Luke's genealogy of Christ (Luke 3:23-38) contains an interesting error. Between Shem and Abraham, he is clearly following the genealogy in Genesis 11:10-26. There is one key exception. At one point, Luke adds a name not present in Genesis 11, namely Cainan. This is Luke 3:34-36:
Why does this occur? One explanation suggests itself: Luke was not using the original Hebrew Bible, but rather a Greek translation of it known as the Septuagint or LXX. And the Septuagint does contain Cainan's name (although see the Apologetics Press response, below).
In other words, by using the Septuagint's corrupt translation of the original genealogy in Genesis, Luke may have allowed an error to creep into into his own genealogy.
The Apologetics Press argues that, actually, mention of Cainan in the Septuagint was inserted after Luke's gospel was written, by over-zealous scribes eager to make the Septuagint concur with Luke.
If that's correct, then it's impossible that Luke's genealogy was corrupted by using the LXX as his source. We then have no obvious explanation as to where Luke got the name from. I suppose divine inspiration could be invoked.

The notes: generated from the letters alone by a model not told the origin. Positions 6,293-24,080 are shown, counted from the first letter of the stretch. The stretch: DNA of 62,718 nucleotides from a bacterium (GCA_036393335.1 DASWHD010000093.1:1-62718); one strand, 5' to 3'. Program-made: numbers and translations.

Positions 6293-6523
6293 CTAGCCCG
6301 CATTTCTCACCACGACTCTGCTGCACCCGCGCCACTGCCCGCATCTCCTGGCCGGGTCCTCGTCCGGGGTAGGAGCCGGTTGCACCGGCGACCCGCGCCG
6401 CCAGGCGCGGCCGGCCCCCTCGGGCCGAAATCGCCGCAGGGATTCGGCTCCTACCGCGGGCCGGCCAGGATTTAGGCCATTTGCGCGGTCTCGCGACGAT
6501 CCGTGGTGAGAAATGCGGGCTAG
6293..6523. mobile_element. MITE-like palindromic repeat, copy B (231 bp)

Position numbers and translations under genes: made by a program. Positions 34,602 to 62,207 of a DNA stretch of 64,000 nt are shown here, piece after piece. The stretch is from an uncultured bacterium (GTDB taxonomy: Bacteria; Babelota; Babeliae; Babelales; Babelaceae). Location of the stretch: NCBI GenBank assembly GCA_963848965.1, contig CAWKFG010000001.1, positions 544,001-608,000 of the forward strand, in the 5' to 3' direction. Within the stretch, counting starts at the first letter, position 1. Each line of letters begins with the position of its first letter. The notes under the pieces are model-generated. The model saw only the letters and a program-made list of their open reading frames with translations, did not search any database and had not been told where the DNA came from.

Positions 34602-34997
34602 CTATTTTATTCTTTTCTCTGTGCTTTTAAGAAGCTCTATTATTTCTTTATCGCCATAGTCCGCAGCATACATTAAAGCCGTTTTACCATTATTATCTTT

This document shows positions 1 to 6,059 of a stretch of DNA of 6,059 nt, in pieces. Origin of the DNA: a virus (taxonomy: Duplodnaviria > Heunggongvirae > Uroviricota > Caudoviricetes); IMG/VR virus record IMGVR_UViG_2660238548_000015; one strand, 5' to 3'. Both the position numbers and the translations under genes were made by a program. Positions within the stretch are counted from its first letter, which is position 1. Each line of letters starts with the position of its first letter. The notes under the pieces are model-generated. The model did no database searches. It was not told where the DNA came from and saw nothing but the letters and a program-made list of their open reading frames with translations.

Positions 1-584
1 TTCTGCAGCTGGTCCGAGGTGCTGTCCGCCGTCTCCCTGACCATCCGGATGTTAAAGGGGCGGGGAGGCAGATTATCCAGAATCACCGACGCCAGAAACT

Instead, The Apologetics Press suggests the presence of "Cainan" in Luke is itself a scribal error. Indeed, two important early manuscripts of Luke don't include the name, but the rest do, and so all modern Bibles contain it. The NET Bible's notes argue that the absence of "Cainan" in those two manuscripts of Luke may have been the result of scribes dropping it to be consistent with the original Hebrew.
This whole debate is a mess. I'll summarise the possible positions as I see them:
A key issue is whether the Septuagint available to Luke actually included Cainan's name or not. If it did, it's obvious where he got the name and why his genealogy differs from the Hebrew version of Genesis. I would need to be an expert in Septuagint manuscripts to decide this issue for myself, so I've decided not to classify this problem for now.
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